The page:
Così Fan Tutte

Wolfgang Amadeus Mozart, libretto by Lorenzo Da Ponte
Welsh National Opera
Millennium Centre, Cardiff, and touring
(2011)

Così Fan Tutte publicity image

The ravishing set for the new WNO production of Così Fan Tutte brings to mind Dr Johnson's quote about a dog walking on two legs and it not being a matter, to paraphrase, of how well it was done, but "that it was done at all".

The setting is the seaside during wartime England, circa 1940s, an idea that is gleefully and dazzlingly seized on by designer Max Jones who has created a stunning and beautifully-lit tableau where a sweep of pier is bookended by, to the left, a booth and, to the right, rather wittily, an Italian ice-cream parlour.

It is perhaps the most extravagant set that I have seen from the WNO. The oddity comes from the fact that it sheds no light whatsoever on the opera.

Another current theatrical production - The Merchant of Venice at the RSC - updates Venice and the Rialto to Las Vegas. But whereas that at least makes sense in part, there never seemed to be any moment of illumination here. Not that this proved an obstacle to enjoyment of a joyous and thoughtful staging.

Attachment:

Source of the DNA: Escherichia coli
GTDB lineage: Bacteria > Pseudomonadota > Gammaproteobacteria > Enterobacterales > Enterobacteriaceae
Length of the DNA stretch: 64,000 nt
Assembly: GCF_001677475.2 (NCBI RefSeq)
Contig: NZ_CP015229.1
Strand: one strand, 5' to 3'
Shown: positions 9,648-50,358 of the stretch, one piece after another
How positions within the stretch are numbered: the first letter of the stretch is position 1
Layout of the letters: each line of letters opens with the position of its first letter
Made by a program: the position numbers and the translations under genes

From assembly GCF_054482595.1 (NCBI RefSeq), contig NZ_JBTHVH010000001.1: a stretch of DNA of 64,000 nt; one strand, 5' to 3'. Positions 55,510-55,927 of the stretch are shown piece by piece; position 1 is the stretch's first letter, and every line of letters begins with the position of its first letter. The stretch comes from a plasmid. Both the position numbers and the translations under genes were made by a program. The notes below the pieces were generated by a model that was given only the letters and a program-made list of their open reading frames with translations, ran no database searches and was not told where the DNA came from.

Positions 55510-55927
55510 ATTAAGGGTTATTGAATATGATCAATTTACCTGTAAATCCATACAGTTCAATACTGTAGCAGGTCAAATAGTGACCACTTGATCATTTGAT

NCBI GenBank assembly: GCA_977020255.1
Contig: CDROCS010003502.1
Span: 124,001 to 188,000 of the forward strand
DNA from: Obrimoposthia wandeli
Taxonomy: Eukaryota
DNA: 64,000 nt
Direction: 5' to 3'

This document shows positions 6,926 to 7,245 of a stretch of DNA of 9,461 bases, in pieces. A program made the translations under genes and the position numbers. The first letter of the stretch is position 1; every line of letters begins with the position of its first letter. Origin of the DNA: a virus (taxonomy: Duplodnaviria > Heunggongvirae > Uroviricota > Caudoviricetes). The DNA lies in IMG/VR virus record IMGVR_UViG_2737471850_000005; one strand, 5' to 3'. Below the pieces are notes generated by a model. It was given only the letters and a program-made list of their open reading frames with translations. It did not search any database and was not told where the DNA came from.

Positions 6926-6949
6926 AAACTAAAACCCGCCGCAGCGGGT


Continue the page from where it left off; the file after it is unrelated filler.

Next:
One could cavil that the production does not, perhaps, explore the darkness of the opera where fidelity is impossible and a true marriage impossible. Rather one has to forgive transgressions, on the part of women, and make do.

But this is true also of many Shakespearean productions of Twelfth Night, The Comedy of Errors and A Midsummer Night's Dream for example. As one critic remarked, the only perfect Twelfth Night is in heaven. Judged on its own terms this is a terrific production that shows evidence of a lot of forethought.

I don't mean to suggest that it is worthy or dull, rather that again and again one delights at deft touches from the cast and the director, Benjamin Davis.

Among the cast I particularly enjoyed Robin Tritschler as Ferrando who displayed a firm, sweet tenor voice, if occasionally a tad underpowered. Also excellent is Helen Lepalaan as Dorabella. There is fine support too from Gary Griffiths as Guiglielmo to whom sympathy should be extended for the indignity of being obliged to wear shorts in addition to a prosthetic nose, as well as Camilla Roberts as Fiordiligi and the under-employed Neil Davies as Don Alfonso, in this staging "an Italian immigrant and local pier entertainer".

There are occasional vulgarities, Guigliemo and Dorabella, the first to fall for the strangers' advances, repair to the booth which soon begins to shudder, while Fiordiligi finds herself delivering one of her arias over a bathroom sink.

But, these cavils aside, this is a Così which, although it will not please the purists, is likely to delight many. There is fine orchestral playing too.

Until 4th June, then touring to Birmingham Hippodrome

Reviewer: Pete Wood